Object-oriented programming (actually doing it as it is taught at introductions for majors or non-majors at Stanford) is a “metaphysics lab”. There is a “metaphysics lab” at Stanford at which adepts may do OO as a way of learning metaphysics; I am not familiar enough with this Lab to say; they do publish an excellent Stanford Encyclopedia of Philosophy which should always be used in place of wikipedia.

But what we find is unprecedented in the history of philosophy and religion and as such may not be acceptable. Theories of reincarnation of sentient beings are familiar enough from Buddhism: but as far as I know, Buddhists do not think that inanimate “things” are sentient (Keown 2013), not even complex cybernetic entities such as “a Boeing 747” which has telos (“stay aloft for as long as possible: don’t permit the pilot, in normal operation, to engage in monkey business such as barrel rolls, etc.”: cf. Langieweisch 2010 for more on this).

Buddhists in general reserve the ability to change type to sentient beings considered either biological or of nature (a Frog or a Mountain) but they might perhaps be convinced to include (in the spirit of Heidegger’s tool integrated with the “life-world” through attentive-to-being use and care) some inanimate objects.

“Reincarnation” as commonly understood is change in type (from human to animal and vice-versa) but within biology whereas perhaps irresponsibly we’re generalising the implicit type changes of reincarnation.


Praying the Rosary calms me down. I disregard its association, in Europe only, with some of the worst anti-Semitic and right-wing manifestations of Catholicism in Spain, France and Eastern Europe.

It’s amusing that Westerners get all enchanted with Tibetan Buddhism. This form of Buddhism, quite unlike original manifestations in India and China, emphasizes prayer in addition to meditation and contains many aids, figurative and mechanical, to prayer. The same Westerners might in some cases turn up a nose or two at simple Catholics fingering their beads, ironically.

I simply haven’t learned enough about Buddhism to practice it, and I need a spiritual praxis. I know Catholicism, and am heretic enough to equate all religions. Christ said “go and teach all nations”. I don’t know where he said “be Catholic or be damned”. That was the apostolic authors of the Epistles and Acts, I think. But I am quite content, until noticed by Church authorities, to combine Enlightenment (which I consider an important revelation) and the Church despite accusations of “Modernism” and (eek) “Americanism”, Pope Leo XIII’s terms for reading the Bible critically using modern science and the US Catholic belief that they could co-exist with Protestants and Jews.

When I stopped drinking I realised that by becoming what Mom called, in her New York accent, a “freethinkah”, I’d gone off the rails for the absence of a Higher Power drove me to insanity. I realised that I needed to combine Enlightenment and religion, or die. So I did, practising until recently a nameless spirituality and, recently, returning to the Church.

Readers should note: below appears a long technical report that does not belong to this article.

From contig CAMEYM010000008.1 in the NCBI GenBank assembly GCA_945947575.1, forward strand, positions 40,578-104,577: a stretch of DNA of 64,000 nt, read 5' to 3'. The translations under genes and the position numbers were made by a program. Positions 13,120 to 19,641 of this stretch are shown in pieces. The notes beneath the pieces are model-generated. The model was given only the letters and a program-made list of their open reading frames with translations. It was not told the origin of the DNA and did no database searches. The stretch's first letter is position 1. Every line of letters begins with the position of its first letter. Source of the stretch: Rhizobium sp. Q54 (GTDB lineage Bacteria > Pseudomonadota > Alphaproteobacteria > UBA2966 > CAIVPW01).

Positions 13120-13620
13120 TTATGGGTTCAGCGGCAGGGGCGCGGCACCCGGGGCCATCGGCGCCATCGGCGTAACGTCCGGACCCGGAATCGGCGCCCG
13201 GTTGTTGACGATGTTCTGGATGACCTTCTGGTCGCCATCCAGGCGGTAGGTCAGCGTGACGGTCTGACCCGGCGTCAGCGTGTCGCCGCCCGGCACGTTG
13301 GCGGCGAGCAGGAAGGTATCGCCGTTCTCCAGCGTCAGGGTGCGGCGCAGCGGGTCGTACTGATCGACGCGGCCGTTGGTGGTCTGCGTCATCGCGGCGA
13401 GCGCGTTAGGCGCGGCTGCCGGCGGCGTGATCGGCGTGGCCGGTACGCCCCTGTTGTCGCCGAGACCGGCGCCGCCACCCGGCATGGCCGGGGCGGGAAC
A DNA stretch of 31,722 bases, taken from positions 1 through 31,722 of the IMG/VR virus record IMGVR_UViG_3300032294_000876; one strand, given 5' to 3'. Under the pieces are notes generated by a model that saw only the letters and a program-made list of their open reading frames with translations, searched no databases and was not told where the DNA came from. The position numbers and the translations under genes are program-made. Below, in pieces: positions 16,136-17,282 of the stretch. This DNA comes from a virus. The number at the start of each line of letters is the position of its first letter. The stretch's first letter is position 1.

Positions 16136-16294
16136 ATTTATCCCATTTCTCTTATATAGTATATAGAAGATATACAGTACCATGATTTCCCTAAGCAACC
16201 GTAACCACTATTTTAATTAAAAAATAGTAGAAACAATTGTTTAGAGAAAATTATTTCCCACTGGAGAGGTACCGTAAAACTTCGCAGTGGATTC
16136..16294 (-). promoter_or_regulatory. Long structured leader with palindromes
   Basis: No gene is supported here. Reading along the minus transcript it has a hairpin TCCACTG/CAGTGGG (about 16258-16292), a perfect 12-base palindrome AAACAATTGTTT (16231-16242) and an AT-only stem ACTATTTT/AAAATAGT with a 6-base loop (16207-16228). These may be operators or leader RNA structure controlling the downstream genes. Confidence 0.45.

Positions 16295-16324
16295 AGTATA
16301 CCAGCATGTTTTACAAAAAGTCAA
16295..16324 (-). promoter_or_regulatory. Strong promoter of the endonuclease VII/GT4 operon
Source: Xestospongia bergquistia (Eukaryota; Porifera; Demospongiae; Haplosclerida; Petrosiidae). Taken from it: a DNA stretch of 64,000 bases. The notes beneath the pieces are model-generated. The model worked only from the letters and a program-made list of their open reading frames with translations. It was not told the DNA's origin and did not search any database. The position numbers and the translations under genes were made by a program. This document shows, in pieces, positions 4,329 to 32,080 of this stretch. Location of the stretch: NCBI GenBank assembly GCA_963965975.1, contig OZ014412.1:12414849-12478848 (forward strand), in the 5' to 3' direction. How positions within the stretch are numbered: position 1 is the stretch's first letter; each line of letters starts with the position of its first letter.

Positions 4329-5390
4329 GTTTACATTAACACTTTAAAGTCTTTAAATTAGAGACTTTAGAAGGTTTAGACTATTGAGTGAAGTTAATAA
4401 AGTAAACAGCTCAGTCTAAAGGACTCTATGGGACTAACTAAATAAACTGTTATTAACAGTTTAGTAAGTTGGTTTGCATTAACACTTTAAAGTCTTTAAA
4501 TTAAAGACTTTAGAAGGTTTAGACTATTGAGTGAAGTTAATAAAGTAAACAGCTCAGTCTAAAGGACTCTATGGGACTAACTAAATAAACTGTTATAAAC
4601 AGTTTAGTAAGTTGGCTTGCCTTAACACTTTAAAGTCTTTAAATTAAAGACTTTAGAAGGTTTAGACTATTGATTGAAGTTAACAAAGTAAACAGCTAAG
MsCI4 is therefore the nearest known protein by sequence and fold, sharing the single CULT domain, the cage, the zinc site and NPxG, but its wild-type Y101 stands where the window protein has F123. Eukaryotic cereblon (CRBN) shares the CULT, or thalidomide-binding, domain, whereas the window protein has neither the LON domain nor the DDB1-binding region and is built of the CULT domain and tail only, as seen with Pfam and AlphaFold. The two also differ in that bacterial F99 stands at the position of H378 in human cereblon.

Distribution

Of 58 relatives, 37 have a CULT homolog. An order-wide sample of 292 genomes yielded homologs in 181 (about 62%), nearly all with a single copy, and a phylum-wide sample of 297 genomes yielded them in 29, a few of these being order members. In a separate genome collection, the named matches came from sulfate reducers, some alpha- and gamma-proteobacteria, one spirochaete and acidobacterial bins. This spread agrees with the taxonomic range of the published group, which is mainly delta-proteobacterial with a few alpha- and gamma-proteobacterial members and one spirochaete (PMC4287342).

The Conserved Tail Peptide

The parish priest hears my confession, reassures me (as did priests during my OCD (obsessive compulsive disorder) Catholicism of 1962) that a mortal sin is rare (and confined, if you ask me, to CEO suites and the Oval Office) and most important, gives me the Blessed Sacrament.

This practice gives me a lot of balance and peace. But that’s the American individualist reason we find in “Eat, Pray, Love”, that recent memoir about that beastly woman who laid waste to half Yourup by eating, praying, and loving up a storm in its capitals. Perhaps instead I’m just, as in Kant, “supposed” to do it. Perhaps the Ancestors command. I do know that Yuppie type thinking is as dead as the 1980s. The Earth cannot afford it.

I mean: two dear friends have just exhausted themselves cleaning up my crap because even in China I insisted on buying things to heal my soul. I am not even saying that buying something cannot heal the soul, as in the case of books, including the very books I comment on here (Johansen’s History of Ancient Philosophy and the Cambridge Companion to the Critique of Pure Reason.) But I once too often pressed the lever.

Nothing beats (or at least until Kindle, nothing beat) the Hotel Mensch’s small shelf of carefully selected books, his main library being in storage back in the Reich. That is what I had when I arrived in Hong Kong many years ago (2005) and that is what I have today.


Johansen 1998: Karsten Friis Johansen, “A History of Ancient Philosophy: from the Beginnings to Augustine”

Kant 1998: Immanuel Kant, Critique of Pure Reason, edition 1 p 100, Tr. Paul Guyer and Allen W. Wood, Cambridge University Press 1998

Keown 2013: Damien Keown, “Buddhism: a Very Short Introduction”, Oxford University Press 2013.

Langewiesche 2010: William Langewiesche, “Fly by Wire”, Picador 2010.

Change Record

2 Sep 2013: Error, changed “combined to Oval Office, etc.” to “CONFINED to …”